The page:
Lots of buzz around Ed Young Jr's Church Pirates video...
So many issues here...
I get what Ed is saying. I'm in no way in favor of people being divisive, leading a group of people away from a church community against the wishes of the rest of the community and/or the elders.
But that being said, there are a number of things about this that really bother me.
Mostly that Ed's philosophy here, in addition to being somewhat incoherent at the end, is so far from what is needed and actually works that I really question his contention that he's in favor of church planting. Seems like Ed has fallen into the mentality of most large church guys- "We love church planting... over THERE." Where is "over there"?
Anywhere but within driving distance of my church.
Specifically, some things in this are just (to quote Ed) "totally whack."
1. Church plants need to happen far from the place where the planter began in ministry.
Really? What we're asking for is that church planters learn how to do ministry, put down roots, get to know people in a certain area and then... leave? Go someplace where they know few or no people, are out of touch with the local culture and events and then have to learn all that from the ground up?
Please. The best place to plant a church is where you are at, where you know people and people know you.
I recognize that certain people are called to plant churches in totally new frontiers and reach unreached people. Absolutely.
But if the choice is between me planting a church in my home town or being forced by the insecurity of other leaders to plant a church a couple of hours away in unfamiliar territory, let me do it where I know the lay of the land and can get through the learning curve to effectiveness much, much quicker.
That may be more personally threatening to established leaders, but it feels a lot more like kingdom thinking to me.
2. The people belong to the pastor. Anything else is sheep stealing.
Yeah... I'm as protective as the next guy or gal of evergreen people. I don't want anyone hurting them, messing with them, leading them into either wrong teaching or wrong action... but- I hold them with an open hand. They belong to Jesus, not me. They are adults and can make real, reasonable choices in terms of where they are going to be best used in the Mission Dei. I may look big picture for both them and the community as a whole and then work behind the scenes to encourage someone to either stay or go, but that's because I believe it's what's best in that particular case.
But when it comes down to it- evergreen people are a gift to the community- we're stewards of each other. And if they genuinely connect with a leader different than me, well... that's good, actually. More on that in a minute.
3. You know church pirates who took 20 years to "make their moves."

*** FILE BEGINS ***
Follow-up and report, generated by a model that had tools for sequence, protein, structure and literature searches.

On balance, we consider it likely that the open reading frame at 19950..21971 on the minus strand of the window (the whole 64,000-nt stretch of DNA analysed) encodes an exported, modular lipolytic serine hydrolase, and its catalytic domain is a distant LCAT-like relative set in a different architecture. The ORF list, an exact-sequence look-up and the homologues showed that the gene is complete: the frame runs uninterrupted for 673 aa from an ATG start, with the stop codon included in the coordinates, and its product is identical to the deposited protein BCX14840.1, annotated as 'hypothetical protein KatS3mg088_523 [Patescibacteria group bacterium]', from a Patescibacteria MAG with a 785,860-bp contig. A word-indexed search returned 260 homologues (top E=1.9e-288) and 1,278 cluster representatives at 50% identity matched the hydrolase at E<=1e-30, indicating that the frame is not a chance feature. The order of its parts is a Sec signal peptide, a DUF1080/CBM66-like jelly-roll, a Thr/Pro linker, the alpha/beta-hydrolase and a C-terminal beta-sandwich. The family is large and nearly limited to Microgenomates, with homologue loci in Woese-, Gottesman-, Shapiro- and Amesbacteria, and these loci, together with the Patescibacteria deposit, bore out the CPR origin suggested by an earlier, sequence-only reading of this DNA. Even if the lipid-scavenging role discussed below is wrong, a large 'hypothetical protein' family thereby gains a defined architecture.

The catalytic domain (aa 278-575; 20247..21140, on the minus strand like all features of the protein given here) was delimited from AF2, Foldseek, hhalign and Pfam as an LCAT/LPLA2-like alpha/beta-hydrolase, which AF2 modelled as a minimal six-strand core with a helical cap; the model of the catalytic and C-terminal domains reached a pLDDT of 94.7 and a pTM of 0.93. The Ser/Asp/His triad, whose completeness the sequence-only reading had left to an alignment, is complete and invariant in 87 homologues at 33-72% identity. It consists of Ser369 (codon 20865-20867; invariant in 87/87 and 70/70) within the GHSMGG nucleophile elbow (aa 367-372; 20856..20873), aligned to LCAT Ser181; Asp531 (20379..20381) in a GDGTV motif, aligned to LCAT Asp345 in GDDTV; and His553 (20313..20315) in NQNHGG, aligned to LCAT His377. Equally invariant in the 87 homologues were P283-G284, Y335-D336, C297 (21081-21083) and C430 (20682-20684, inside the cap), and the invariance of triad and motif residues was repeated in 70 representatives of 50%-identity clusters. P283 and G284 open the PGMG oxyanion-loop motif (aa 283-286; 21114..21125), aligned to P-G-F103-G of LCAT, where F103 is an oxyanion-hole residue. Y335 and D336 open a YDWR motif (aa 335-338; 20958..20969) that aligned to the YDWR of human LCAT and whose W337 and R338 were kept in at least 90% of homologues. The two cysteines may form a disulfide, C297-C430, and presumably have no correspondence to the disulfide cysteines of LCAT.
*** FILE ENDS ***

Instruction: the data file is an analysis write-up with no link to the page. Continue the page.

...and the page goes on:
You've got to be kidding me.
So let me get this straight- these guys found some big healthy church, got on staff, and stealthily waited 20 years before hatching their nefarious scheme. The Manchurian Pastor, as it were.
Could it be that these guys found themselves needing to strike out and start something new... but weren't given permission? Could what you call piracy have been a mixture of frustration caused by a number of different things in the original church, failure in the leadership to see apostolic gifting and impulses in emerging leaders, and failure of those emerging leaders to handle their frustration in a non-divisive manner?
Look, as I said- I get what Ed is saying. There are divisive and non divisive ways of doing this. But my contention is that the best way to avoid the divisive version of church planting is to build it into the DNA of your community and to give permission.
One of my pitches to people I want to come and plant churches out of evergreen is this: Come, work your way into leadership in our community, start pastoring people, build a community out of "my" community, and when you, they and us (the elders) feel like it's the right time, we'll bless you and send you off.
Sounds just like Ed's description of Church Pirates, but with a couple of crucial differences...
In our model, we're not only expecting this to happen, but inviting it. And by inviting it, every thing becomes above board. No one feels the need to go underground and "sheep steal" when the elders of a community are in fact encouraging them to be people's pastor, to love them, shepherd them and when the time is right, launch out with them.
I think Ed is speaking from a place of pain. I wish the solution was a simple as he thinks, that is, coming up with a catchy phrase like "church pirates" and talking about it on the internet.
The real solution is for established leaders to change the way they view emerging leaders and to quit doing leadership in such a way that young men and women feel like they have to wrestle the baton out of the hands of a previous generation just to do what they feel like God is calling them to do.
A better solution to the problem that Ed is flailing at here is a permission giving ethos that gives mentoring, a place to grow in leadership and skills and can then ask for (and get) patience out of emerging leaders that might not be as ready as they think.
In my mind, that's a win on all sides.